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San Diego resident, Anne Hunter reported saving $700 after paying off variable rate credit cards with a refinance mortgage that encouraged debt consolidation. At the National Association of Home Builders, analysts said this week that rising interest rates and subprime loan failures had reduced builder confidence to the lowest level in 16 years. Both associations recently revised their forecasts for a home-price recovery from mid-2007 to early 2008. That doesn't mean the sky is falling, said Steve Doyle, San Diego area president for Brookfield Homes. “Historically speaking, rates under 7 % are still fantastic,” Doyle said.
Northern San Diego County's home prices continued to rise in June even as buyers for them became harder to find, according to data released Tuesday. In a recent article, Ann Perry Illustrates the area's topsy-turvy real estate market, the median price of single-family homes sold last month hit a record high of $667,000, even as industry experts bemoaned what they saw as a declining market. The median sales price for San Diego homes was up 1.83% from $655,000 in May, and up by 2.62% from the $650,000 reported in June 2006, according to the Home Dex report, which is updated monthly by the North San Diego County Association of Realtors.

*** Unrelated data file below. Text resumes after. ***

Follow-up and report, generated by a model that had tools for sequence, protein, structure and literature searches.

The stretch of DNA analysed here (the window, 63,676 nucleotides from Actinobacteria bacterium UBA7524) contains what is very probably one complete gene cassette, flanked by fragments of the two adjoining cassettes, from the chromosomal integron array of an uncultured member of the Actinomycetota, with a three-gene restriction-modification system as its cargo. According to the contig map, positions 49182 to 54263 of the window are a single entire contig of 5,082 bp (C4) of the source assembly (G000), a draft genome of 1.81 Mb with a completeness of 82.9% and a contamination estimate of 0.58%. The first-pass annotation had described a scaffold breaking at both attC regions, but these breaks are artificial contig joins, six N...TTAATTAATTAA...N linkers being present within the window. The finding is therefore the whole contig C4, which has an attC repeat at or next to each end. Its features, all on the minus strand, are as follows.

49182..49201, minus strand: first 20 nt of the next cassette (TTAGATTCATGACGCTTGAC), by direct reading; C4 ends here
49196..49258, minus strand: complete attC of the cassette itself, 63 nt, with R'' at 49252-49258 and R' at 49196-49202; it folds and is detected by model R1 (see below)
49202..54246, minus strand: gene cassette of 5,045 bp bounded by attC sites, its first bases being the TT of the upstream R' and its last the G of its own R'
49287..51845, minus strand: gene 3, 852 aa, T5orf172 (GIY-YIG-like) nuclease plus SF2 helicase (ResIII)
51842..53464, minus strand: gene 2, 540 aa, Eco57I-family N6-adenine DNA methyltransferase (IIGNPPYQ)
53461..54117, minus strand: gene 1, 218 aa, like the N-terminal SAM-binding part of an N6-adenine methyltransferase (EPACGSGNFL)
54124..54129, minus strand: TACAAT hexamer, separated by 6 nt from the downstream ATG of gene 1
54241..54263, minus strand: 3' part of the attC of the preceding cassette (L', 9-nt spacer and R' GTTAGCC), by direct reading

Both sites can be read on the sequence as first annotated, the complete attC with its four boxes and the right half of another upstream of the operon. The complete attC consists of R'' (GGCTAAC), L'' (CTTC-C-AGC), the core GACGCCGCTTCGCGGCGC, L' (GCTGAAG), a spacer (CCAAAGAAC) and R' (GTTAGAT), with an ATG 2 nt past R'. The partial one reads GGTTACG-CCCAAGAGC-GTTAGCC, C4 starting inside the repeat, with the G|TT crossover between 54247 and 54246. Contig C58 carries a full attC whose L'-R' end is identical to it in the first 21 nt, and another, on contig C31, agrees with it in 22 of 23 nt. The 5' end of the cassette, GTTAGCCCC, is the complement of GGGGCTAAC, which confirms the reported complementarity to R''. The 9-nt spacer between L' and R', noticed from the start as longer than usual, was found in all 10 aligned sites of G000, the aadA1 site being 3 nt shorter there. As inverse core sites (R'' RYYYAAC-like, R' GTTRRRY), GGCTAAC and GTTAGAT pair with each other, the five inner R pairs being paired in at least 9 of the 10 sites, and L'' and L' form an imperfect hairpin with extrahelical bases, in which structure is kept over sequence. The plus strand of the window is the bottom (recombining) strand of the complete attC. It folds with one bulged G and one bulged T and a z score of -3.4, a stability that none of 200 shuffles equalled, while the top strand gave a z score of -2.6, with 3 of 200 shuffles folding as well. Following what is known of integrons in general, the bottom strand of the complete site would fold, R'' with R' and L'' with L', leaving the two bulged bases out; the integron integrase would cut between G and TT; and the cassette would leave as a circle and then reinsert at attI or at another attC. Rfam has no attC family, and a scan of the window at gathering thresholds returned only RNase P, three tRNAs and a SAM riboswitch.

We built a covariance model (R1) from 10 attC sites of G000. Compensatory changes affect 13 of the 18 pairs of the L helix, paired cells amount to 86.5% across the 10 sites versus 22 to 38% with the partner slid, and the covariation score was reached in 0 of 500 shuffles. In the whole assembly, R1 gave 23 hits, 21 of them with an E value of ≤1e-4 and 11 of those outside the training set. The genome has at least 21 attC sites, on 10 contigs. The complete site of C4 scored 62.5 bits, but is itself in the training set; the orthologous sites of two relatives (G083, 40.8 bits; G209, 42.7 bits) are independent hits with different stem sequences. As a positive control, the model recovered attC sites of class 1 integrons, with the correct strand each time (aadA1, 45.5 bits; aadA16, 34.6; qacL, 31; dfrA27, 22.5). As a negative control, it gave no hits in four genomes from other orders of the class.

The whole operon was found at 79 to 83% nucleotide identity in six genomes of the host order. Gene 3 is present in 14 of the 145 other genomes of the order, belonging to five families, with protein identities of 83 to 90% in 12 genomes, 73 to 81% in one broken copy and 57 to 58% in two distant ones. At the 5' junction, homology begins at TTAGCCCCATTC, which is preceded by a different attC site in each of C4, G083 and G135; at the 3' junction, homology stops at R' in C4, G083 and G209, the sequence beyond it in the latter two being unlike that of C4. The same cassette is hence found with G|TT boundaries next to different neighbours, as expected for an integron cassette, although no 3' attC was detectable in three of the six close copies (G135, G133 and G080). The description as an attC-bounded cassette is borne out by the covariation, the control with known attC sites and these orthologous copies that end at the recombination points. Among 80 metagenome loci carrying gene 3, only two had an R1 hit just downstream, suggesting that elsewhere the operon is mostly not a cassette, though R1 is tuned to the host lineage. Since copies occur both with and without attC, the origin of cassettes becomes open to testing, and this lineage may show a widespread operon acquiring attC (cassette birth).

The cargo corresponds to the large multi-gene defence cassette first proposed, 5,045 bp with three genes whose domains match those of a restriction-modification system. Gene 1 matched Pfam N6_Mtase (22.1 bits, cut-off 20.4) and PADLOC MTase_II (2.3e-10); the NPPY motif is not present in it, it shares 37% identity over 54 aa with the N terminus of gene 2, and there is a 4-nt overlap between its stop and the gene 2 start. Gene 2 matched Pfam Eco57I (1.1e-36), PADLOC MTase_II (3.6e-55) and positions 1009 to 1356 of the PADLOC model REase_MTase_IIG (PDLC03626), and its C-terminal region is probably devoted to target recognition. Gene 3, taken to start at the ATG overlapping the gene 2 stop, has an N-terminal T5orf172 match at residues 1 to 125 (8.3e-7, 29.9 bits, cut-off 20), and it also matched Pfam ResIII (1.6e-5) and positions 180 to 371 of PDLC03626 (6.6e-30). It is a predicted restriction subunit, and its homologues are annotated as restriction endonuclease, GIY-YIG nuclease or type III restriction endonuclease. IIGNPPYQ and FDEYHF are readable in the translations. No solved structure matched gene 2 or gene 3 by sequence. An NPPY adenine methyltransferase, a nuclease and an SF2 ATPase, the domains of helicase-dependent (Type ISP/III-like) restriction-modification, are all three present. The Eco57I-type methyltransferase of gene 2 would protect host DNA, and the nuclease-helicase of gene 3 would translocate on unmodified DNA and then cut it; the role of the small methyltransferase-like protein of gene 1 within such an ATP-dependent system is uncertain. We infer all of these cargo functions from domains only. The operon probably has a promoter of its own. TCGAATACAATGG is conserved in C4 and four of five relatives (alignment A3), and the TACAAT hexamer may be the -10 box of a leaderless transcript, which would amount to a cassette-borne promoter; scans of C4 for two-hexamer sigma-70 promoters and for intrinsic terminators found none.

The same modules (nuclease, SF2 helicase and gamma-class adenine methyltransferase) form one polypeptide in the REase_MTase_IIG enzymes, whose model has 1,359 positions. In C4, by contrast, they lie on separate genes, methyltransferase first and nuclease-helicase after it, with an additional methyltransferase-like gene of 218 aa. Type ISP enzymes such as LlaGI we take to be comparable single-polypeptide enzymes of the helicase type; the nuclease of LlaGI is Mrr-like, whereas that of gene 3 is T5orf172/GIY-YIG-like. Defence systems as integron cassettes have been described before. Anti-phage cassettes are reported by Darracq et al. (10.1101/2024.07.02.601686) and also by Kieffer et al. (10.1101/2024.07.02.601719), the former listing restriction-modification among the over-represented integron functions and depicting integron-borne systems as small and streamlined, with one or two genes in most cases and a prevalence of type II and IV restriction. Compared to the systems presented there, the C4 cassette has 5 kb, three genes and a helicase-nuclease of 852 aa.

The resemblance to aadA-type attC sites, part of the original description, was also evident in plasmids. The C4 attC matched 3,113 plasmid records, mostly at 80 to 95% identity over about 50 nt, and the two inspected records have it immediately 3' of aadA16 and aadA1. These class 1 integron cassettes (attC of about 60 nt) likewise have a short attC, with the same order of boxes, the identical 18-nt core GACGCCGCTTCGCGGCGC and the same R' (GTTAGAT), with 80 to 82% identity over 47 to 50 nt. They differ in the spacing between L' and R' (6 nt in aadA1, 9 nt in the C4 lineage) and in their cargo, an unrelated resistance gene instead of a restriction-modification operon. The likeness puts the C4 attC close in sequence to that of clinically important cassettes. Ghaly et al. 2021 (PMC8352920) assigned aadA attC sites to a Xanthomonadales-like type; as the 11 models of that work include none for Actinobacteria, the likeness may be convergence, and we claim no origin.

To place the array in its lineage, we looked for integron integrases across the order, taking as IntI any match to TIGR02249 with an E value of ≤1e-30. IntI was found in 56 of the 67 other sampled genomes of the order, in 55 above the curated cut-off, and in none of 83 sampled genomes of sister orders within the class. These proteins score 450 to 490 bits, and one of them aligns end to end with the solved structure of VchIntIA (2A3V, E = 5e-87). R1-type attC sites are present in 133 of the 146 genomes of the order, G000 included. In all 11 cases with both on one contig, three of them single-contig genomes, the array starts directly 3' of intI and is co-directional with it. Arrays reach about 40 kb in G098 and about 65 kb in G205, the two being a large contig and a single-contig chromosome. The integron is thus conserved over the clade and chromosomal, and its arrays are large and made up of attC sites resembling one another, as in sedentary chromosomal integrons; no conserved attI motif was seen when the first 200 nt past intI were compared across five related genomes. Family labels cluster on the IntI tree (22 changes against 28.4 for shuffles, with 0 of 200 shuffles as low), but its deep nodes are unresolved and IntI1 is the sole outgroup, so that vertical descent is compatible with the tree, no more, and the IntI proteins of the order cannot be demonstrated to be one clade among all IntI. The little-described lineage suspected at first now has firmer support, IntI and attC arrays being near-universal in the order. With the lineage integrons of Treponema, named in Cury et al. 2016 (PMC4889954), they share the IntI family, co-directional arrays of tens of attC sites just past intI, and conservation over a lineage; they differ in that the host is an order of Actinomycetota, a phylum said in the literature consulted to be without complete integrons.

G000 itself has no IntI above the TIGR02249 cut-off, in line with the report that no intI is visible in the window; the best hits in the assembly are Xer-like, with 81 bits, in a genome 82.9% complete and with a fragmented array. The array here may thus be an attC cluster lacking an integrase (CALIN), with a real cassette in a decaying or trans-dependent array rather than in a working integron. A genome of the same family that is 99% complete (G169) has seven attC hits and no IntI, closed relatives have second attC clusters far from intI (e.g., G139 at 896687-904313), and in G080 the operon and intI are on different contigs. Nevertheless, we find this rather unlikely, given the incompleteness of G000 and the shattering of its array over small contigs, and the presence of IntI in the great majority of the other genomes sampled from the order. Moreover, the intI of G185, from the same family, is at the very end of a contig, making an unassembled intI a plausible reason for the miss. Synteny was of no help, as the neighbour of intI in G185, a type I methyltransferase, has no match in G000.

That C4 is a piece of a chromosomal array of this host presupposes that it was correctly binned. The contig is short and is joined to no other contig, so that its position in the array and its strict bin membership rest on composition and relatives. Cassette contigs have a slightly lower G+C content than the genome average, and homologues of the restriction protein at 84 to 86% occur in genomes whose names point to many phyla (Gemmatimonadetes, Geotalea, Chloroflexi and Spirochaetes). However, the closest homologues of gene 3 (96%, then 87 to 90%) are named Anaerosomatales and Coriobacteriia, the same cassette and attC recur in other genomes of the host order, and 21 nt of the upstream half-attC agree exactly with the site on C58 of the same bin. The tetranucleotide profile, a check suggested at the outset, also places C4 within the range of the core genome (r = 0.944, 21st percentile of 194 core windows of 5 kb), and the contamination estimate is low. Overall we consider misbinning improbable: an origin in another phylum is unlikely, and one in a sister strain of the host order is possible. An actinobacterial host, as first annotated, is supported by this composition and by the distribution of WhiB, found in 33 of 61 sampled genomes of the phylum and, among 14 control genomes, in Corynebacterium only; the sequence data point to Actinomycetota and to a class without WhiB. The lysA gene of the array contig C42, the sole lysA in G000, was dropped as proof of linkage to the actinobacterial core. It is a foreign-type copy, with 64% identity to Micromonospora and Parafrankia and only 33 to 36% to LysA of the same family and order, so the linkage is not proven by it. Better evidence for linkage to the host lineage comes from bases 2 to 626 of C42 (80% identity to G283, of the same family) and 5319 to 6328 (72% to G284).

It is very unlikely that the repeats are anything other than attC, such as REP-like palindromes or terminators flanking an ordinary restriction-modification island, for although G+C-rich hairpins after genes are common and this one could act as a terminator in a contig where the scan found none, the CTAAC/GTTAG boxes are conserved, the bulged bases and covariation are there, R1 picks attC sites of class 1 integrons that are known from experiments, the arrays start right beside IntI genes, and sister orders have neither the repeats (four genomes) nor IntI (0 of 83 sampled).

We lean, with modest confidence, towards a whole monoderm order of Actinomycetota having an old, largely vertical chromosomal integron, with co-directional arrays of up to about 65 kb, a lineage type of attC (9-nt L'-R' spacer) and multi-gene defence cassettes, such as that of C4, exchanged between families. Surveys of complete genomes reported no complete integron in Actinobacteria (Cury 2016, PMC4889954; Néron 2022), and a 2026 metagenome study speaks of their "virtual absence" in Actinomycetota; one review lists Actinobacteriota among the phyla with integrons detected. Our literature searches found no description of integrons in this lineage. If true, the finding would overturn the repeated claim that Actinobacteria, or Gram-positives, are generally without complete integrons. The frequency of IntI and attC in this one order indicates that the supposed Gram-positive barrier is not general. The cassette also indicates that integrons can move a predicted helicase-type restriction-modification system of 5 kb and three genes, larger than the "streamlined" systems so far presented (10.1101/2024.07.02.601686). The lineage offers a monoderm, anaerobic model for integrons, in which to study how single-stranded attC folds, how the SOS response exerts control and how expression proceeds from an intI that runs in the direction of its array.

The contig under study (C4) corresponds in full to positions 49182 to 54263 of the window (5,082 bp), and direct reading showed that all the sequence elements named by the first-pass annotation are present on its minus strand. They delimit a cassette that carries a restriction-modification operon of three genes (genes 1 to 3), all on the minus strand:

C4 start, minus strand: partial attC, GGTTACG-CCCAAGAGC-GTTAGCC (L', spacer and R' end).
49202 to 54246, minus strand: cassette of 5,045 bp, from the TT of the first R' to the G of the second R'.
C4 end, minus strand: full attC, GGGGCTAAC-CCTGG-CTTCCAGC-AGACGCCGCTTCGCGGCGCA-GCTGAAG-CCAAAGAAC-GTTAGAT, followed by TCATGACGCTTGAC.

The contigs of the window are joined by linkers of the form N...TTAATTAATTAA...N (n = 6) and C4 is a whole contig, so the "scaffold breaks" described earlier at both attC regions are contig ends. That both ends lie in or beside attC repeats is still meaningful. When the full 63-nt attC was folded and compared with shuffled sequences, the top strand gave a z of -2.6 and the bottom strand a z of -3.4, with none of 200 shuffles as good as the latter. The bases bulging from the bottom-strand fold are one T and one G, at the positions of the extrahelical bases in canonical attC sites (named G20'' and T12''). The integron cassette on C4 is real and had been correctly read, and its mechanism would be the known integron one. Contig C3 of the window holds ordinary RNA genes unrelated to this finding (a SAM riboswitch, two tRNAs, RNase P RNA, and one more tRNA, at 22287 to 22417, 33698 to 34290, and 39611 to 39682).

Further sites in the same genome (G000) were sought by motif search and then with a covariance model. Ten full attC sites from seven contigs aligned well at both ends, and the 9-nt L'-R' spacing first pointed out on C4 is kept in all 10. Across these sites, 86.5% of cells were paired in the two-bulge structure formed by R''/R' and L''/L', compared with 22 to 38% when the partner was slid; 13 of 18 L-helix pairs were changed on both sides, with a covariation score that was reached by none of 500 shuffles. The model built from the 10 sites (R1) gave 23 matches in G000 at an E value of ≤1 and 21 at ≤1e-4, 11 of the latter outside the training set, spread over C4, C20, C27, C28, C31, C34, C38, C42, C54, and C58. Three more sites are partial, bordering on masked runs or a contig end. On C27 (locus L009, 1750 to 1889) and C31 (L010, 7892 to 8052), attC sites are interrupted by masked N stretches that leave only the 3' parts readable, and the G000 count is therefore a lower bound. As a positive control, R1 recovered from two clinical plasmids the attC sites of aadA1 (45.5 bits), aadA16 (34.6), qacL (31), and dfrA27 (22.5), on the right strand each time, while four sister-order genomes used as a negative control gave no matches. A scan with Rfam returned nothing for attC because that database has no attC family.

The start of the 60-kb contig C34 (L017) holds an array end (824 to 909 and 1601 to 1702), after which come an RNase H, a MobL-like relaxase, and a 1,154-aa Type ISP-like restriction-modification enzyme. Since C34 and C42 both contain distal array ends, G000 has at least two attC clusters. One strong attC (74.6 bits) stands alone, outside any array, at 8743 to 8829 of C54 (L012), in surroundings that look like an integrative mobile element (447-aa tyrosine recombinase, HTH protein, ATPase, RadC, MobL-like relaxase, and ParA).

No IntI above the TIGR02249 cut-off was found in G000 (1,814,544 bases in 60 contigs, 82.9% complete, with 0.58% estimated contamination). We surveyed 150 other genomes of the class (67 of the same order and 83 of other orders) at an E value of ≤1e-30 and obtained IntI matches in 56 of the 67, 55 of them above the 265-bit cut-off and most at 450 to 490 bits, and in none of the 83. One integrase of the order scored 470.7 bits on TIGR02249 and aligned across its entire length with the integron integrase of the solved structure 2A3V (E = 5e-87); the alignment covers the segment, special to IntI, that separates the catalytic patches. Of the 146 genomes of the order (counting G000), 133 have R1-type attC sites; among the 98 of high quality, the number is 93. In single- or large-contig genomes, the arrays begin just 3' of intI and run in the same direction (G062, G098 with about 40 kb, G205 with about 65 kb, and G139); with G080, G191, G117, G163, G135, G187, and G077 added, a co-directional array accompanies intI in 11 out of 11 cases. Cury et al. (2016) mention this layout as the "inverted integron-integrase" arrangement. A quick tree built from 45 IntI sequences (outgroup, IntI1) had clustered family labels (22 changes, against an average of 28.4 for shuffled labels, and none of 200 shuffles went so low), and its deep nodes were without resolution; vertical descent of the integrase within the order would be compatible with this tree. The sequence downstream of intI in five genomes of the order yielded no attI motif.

However, the 807 North County single-family detached homes sold in June marked a 4.19% decline from a year ago, and that total was off 32% from June 2005, according to the report. "It's a buyer-seller standoff," said Michele Williams, a real estate broker, as she sought to reconcile higher prices with lower sales numbers. "Nothing's really selling." Williams, who owns ERA Ranch & Sea in Oceanside, La Costa, and Carlsbad and also ERA Sterling in Encinitas and Poway, said that buyers are waiting for prices to fall, while sellers are convinced that they won't. "If sellers would drop their price a bit more, we'd see a lot more activity," she said. "Houses are selling when they're priced aggressively." Her analysis of aggressive pricing seems to explain one of the trends in the report. The median price per square foot, another way of measuring price, was $305 in June, down from $330 in June 2006. So those homes that do sell are selling for less than they might have a year ago. She continues to elaborate about the variances between higher prices and slower sales is that higher-priced homes are moving more briskly than lower-priced homes. "People who have money, good credit and down payments are still buying," said Pat Hunter, a broker associate with Century 21 Award in Escondido and a 30-year veteran of the business. Sales of lower-priced homes are hampered by tighter lending standards that have all but eliminated no-down payment financing, or 100% financing of a home, along with many mortgage loans to bad credit borrowers, or borrowers with past bankruptcies or low credit scores. Also hindering homeowners has been an increase in mortgage interest rates, from 5.77% for a 30-year, fixed-rate home mortgage in June 2005 to 6.73% for the same kind of mortgage last month, according to HSH Associates Financial Publishers of Pompton Plains, New York.
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